11 January 2018
In-house lawyers have been disclosing their best and worst opinions of law firms in the RollOnFriday survey. If you work in-house and haven't completed the form yet, you can do so here.

The lack of diversity in law firms has been a bugbear for many respondents. One in-house lawyer said that they wanted their law firms to "be like the business I work in", but instead found that most firms are "pale, male and stale". The in-house believed that non-diverse firms were "filled with people who struggle to empathise and have no emotional intelligence", whereas firms with greater diversity didn't suffer from the same problems.

Another respondent who agreed with this sentiment said "people from different backgrounds, particularly different socio-economic backgrounds, can bring different and more pragmatic approaches to problems".  One in-house lawyer complained that a firm's lack of diversity meant that on international deals it had narrow-minded lawyers who "only know how to crack stereotypical jokes that they picked up in their Oxbridge union bar".

  The board tried not to stare when a woman entered the room.
 

One female client said that it was depressing to attend meetings at a law firm where she was "the only senior woman in the room". She added that it was time for firms "to join the 21st century" since they were "making financial services look good, and that is really saying something".

However, not all the respondents felt that diversity was an issue. One client said that meritocracy was more important, whilst another agreed that a lawyer's competency to do the work was what mattered most, rather than their background.

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Comments

Anonymous 12 Jan 18

"However, not all the respondents felt that diversity was an issue. One client said that meritocracy was more important, whilst another agreed that a lawyer's competency to do the work was what mattered most, rather than their background." this.

Anonymous 12 Jan 18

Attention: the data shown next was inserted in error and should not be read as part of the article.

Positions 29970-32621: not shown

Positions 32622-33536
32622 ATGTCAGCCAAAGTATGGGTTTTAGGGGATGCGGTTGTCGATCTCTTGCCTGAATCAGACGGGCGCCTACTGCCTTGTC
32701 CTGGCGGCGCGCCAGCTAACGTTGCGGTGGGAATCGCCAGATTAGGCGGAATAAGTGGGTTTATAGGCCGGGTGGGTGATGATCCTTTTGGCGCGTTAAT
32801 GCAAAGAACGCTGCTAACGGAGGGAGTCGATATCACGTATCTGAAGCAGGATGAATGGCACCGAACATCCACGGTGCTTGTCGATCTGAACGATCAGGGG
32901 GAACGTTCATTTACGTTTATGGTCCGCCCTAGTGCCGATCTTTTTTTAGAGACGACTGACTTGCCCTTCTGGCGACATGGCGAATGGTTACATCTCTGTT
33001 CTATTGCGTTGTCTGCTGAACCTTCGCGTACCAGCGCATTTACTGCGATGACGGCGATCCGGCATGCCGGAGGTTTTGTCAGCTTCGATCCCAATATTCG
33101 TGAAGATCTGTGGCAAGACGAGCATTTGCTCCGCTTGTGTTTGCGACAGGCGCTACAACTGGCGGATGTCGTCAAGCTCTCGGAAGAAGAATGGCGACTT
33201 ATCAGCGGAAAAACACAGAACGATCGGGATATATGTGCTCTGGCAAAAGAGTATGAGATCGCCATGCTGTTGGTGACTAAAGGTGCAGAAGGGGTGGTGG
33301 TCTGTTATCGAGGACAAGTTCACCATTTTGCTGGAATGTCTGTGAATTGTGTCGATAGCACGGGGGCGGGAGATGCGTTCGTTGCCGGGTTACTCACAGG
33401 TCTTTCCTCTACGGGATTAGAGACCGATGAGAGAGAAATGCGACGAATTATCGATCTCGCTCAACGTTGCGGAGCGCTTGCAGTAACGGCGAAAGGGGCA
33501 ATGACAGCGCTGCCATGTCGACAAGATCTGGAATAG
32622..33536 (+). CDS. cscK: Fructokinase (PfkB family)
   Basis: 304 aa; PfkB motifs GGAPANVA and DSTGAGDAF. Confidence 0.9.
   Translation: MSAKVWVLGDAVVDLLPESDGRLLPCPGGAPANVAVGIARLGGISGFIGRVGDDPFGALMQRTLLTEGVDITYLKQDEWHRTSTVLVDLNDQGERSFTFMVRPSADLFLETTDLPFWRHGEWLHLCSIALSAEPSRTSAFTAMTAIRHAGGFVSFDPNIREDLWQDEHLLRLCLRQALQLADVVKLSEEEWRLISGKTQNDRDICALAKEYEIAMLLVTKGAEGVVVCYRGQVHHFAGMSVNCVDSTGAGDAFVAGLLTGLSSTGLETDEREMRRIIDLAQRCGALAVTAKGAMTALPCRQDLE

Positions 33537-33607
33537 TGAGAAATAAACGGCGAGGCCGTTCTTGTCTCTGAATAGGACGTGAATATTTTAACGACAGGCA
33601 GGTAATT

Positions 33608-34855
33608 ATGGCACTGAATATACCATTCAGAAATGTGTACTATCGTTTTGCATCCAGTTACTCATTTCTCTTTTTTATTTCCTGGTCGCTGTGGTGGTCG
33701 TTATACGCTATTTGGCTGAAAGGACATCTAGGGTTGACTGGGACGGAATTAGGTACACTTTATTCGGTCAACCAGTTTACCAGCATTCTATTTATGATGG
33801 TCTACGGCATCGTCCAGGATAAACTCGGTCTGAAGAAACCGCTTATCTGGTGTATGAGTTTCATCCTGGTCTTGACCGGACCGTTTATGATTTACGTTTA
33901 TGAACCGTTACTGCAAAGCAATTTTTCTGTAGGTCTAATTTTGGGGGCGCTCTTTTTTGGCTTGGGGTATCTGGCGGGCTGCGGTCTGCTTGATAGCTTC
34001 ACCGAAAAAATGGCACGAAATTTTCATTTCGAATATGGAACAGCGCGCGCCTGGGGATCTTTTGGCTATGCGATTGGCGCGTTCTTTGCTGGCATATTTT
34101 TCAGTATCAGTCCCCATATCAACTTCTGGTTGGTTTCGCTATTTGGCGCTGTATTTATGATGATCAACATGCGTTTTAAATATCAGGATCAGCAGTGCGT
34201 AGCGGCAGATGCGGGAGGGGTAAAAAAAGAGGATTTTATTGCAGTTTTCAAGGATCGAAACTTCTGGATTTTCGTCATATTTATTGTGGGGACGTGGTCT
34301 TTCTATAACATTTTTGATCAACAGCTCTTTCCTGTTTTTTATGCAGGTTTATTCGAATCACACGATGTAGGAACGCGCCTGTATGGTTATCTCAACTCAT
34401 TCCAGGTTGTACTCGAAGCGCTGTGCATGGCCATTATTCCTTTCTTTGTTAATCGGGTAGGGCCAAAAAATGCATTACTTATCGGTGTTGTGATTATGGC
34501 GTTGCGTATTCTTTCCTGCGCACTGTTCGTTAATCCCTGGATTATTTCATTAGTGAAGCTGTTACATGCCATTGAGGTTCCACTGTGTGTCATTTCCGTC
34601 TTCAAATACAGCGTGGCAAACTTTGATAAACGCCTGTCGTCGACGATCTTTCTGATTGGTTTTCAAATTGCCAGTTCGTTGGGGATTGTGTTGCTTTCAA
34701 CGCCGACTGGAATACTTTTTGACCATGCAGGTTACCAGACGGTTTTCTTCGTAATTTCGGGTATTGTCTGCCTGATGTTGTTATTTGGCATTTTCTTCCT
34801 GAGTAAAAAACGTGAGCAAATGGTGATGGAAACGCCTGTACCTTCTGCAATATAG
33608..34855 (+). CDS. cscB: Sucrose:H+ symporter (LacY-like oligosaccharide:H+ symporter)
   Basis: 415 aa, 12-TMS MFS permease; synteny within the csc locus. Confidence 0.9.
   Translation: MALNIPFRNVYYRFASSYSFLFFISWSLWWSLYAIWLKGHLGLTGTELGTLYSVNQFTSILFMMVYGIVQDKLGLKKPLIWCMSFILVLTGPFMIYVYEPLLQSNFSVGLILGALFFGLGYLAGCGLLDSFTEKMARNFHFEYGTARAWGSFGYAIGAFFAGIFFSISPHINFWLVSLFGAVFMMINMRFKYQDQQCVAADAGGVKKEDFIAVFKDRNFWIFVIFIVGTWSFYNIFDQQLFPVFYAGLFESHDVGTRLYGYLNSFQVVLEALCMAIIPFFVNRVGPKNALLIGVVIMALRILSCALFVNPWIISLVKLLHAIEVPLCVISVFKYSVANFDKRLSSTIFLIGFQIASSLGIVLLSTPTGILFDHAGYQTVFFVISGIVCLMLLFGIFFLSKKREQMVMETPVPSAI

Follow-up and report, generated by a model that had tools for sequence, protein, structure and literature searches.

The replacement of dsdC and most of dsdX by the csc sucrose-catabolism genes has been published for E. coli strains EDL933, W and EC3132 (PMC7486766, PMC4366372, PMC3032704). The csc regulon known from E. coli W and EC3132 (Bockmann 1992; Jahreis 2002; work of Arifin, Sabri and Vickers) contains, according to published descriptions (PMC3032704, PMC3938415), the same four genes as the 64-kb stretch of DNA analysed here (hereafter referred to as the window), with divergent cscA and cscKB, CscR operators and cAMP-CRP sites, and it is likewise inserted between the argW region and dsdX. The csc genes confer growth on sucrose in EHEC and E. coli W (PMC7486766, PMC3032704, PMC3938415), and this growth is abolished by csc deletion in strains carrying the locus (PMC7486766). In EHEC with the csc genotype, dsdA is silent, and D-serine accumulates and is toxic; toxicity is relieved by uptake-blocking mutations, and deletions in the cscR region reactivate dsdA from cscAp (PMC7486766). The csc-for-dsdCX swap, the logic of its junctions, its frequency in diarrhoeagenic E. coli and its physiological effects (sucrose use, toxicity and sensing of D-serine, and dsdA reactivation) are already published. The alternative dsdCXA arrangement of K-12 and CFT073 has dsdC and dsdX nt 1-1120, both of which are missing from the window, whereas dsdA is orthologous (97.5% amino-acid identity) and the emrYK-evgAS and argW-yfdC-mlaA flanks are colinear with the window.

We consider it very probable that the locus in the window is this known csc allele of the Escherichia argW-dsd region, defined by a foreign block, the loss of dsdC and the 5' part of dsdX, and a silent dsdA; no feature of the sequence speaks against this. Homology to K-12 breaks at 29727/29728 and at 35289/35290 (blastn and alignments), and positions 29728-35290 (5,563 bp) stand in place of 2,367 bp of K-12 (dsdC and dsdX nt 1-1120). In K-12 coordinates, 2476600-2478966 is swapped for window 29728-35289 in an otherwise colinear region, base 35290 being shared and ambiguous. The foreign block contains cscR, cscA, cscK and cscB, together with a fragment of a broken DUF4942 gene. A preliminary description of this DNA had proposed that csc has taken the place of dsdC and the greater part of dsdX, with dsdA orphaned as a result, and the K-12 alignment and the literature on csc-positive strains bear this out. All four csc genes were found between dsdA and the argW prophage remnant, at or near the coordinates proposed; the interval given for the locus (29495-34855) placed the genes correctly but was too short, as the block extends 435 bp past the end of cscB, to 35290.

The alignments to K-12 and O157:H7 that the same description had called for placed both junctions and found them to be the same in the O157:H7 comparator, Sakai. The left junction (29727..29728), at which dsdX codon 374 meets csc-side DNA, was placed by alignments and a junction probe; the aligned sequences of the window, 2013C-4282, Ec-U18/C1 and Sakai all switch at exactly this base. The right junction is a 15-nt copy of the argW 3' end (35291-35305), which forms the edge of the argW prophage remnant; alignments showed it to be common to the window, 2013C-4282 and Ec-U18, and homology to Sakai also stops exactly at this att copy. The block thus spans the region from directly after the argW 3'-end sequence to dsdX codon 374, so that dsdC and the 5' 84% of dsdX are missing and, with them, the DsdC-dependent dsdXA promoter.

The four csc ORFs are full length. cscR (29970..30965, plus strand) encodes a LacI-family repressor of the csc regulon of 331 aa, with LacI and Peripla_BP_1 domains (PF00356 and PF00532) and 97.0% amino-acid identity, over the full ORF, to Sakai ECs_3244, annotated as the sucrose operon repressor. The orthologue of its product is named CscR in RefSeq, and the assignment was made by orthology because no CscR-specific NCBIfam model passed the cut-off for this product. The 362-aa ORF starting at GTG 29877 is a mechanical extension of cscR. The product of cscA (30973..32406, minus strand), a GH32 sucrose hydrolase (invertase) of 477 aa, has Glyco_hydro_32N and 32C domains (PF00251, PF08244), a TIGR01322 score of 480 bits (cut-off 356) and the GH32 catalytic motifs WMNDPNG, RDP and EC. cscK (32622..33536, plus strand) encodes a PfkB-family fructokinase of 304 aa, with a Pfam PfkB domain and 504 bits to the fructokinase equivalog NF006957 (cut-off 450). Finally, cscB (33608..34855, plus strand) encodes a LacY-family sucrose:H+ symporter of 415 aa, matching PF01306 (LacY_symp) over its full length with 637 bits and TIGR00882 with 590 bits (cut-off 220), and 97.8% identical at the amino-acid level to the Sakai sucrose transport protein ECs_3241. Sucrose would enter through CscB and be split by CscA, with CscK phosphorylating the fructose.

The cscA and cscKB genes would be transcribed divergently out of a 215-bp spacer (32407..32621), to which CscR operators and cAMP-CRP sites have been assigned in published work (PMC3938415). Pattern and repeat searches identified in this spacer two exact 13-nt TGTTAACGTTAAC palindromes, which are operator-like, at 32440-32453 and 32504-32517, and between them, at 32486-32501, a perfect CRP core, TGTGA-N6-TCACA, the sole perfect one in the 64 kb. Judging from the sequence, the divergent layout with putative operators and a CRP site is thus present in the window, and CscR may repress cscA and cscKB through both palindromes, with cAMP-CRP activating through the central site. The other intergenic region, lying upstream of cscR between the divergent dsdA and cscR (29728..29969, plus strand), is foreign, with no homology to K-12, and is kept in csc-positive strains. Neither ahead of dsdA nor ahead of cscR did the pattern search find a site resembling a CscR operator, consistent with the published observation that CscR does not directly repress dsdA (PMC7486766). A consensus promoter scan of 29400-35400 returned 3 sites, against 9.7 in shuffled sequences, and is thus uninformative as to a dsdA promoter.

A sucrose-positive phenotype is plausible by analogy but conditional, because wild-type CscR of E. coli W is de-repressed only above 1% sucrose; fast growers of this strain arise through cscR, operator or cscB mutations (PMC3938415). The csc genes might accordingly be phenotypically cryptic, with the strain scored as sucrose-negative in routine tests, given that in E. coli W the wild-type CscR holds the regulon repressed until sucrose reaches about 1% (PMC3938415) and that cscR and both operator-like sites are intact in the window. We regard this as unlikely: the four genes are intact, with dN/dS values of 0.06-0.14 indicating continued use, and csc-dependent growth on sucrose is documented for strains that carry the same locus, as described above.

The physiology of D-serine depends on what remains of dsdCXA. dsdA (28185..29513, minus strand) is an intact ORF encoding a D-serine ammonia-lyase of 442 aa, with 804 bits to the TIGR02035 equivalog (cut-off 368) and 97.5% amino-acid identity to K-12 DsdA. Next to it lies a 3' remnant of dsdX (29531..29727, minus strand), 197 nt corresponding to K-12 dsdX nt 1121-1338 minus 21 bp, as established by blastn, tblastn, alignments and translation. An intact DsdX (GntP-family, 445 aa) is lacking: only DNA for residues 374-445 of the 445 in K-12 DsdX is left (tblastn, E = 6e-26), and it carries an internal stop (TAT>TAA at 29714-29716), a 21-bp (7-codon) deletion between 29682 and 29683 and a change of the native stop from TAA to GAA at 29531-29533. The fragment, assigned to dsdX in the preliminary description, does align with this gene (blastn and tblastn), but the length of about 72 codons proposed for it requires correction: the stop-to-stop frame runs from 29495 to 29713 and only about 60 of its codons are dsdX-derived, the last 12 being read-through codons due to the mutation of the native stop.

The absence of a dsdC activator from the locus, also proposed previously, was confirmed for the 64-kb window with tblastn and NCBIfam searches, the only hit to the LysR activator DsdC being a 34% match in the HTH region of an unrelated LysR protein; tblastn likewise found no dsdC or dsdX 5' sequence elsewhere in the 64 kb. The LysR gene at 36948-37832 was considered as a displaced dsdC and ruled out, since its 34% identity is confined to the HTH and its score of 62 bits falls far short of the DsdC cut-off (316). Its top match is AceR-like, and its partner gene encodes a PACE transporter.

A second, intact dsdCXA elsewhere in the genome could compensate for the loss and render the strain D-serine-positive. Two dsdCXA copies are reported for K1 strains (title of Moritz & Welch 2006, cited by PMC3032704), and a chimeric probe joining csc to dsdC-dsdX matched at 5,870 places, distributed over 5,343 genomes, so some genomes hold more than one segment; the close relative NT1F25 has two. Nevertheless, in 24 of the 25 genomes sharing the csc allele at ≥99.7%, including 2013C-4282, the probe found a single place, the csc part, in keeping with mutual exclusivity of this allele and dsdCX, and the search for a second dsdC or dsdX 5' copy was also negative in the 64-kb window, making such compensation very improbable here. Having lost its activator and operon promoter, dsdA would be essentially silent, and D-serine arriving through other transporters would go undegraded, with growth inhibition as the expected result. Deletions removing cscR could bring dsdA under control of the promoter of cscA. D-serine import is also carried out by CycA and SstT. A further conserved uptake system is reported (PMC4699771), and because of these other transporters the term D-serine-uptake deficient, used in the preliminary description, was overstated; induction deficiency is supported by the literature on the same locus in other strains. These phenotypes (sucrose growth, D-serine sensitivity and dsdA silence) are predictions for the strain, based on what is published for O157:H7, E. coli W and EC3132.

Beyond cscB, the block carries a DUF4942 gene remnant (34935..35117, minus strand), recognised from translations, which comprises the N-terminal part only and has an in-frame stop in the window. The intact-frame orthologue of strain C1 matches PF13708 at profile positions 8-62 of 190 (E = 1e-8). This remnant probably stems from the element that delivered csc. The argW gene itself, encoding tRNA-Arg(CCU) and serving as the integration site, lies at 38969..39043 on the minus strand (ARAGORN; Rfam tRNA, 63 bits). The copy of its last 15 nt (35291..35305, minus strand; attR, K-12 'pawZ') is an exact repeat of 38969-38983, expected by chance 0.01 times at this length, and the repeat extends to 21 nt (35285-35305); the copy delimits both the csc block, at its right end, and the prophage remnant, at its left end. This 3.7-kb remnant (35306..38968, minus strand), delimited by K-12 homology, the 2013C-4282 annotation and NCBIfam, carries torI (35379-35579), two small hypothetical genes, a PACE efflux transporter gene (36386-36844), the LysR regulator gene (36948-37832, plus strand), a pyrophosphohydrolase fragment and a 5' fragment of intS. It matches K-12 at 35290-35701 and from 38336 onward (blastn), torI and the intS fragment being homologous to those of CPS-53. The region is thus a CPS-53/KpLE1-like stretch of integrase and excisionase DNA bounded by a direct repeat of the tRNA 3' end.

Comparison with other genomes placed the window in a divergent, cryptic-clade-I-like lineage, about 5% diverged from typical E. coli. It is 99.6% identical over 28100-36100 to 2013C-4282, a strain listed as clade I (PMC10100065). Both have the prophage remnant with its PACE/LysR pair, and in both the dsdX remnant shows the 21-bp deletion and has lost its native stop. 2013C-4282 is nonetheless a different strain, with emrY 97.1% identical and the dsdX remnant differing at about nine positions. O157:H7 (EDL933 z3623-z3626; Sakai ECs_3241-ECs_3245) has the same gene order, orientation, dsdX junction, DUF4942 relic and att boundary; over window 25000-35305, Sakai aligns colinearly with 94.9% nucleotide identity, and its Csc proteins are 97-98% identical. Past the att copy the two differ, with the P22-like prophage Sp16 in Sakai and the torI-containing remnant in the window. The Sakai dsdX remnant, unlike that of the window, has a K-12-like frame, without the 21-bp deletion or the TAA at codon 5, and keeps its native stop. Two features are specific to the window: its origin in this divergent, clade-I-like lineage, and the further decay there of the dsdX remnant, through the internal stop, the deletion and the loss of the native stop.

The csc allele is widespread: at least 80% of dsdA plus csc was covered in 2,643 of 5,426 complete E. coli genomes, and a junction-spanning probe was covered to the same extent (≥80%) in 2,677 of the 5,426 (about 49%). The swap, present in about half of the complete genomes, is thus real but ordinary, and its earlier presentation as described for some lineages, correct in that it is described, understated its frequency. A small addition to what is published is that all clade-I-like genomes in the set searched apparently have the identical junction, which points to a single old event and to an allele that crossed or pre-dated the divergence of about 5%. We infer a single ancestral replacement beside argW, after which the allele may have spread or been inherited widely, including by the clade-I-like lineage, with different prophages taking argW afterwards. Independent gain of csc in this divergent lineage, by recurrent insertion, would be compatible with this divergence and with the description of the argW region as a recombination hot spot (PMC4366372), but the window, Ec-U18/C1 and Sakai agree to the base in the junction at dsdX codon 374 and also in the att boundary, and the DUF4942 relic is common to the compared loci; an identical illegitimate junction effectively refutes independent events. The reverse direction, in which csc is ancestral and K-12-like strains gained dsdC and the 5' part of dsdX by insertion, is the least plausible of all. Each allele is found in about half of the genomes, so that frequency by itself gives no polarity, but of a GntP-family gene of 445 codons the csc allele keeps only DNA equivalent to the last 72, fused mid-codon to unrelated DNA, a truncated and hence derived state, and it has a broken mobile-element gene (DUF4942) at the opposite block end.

This says more about the respondents than it does the firms. Do they want some vinegar with the chip on their shoulder? Surely legal skill, commercial awareness, responsiveness and fees are more important considerations than whether a firm represents all the different backgrounds, skin colours, genders and sexual preferences under the sun.

Anonymous 12 Jan 18

To be honest as an in-house lawyer, we are only interested in the bottom line, everything else just doesn't matter.

Anonymous 12 Jan 18

As an in-house lawyer, I look for appropriately priced competence. Generally that does mean a firm employs both sexes and has a range of backgrounds but that’s a consequence and not a condition. Anyone who writes, in all seriousness, “pale and stale” really needs to have a good think about themselves, if only because they resort to tedious cliches. There are plenty of stereotypes to run about in house lawyers and only some of them are untrue.

Anonymous 12 Jan 18

Given that a lot of women are attracted to in-house roles for better work flexibility and life balance, law firms would do well to recognise the make up of their clients. The ignorant comments about ‘talent’ are bull and they know it - male or female, a private practice firm wouldn’t have them unless they can do a job well.

Anonymous 12 Jan 18

The term "pale, male and stale" is derogatory and demeaning to white males. I trust the in-house counsel who made this remark will be sent on diversity training forthwith.

Anonymous 12 Jan 18

Indeed @8:44. And if law firms were truly meritocracies, there would be more diversity. Unless you're suggesting that white men are naturally more competent.

Anonymous 13 Jan 18

When women are 80% not 20% of senior highest earning equity partnerships in London I will be happier. We have a long way to go.

Anonymous 14 Jan 18

Oh look. There's a chippy little man neg rating comments supporting diversity. What a shock.

Anonymous 15 Jan 18

"...I believe diversity is an old, old wooden ship that was used during the Civil War era" - said most law firms, everywhere.

Anonymous 15 Jan 18

Surely the answer is to instruct the firms that provide the best service at the right price etc? Or - less objectively - those lawyers you simply find you work best with.

If buyers of legal services gravitate to more diverse firms for that reason, those firms (and the lawyers in them) will thrive and the market will have spoken. And rather than complain, instruct and support those lawyers.

Anonymous 16 Jan 18

Of course meritocracy is important but I think women and/or ethnic minorities are not given a chance in the first place to show their merits. That is what is most wrong.

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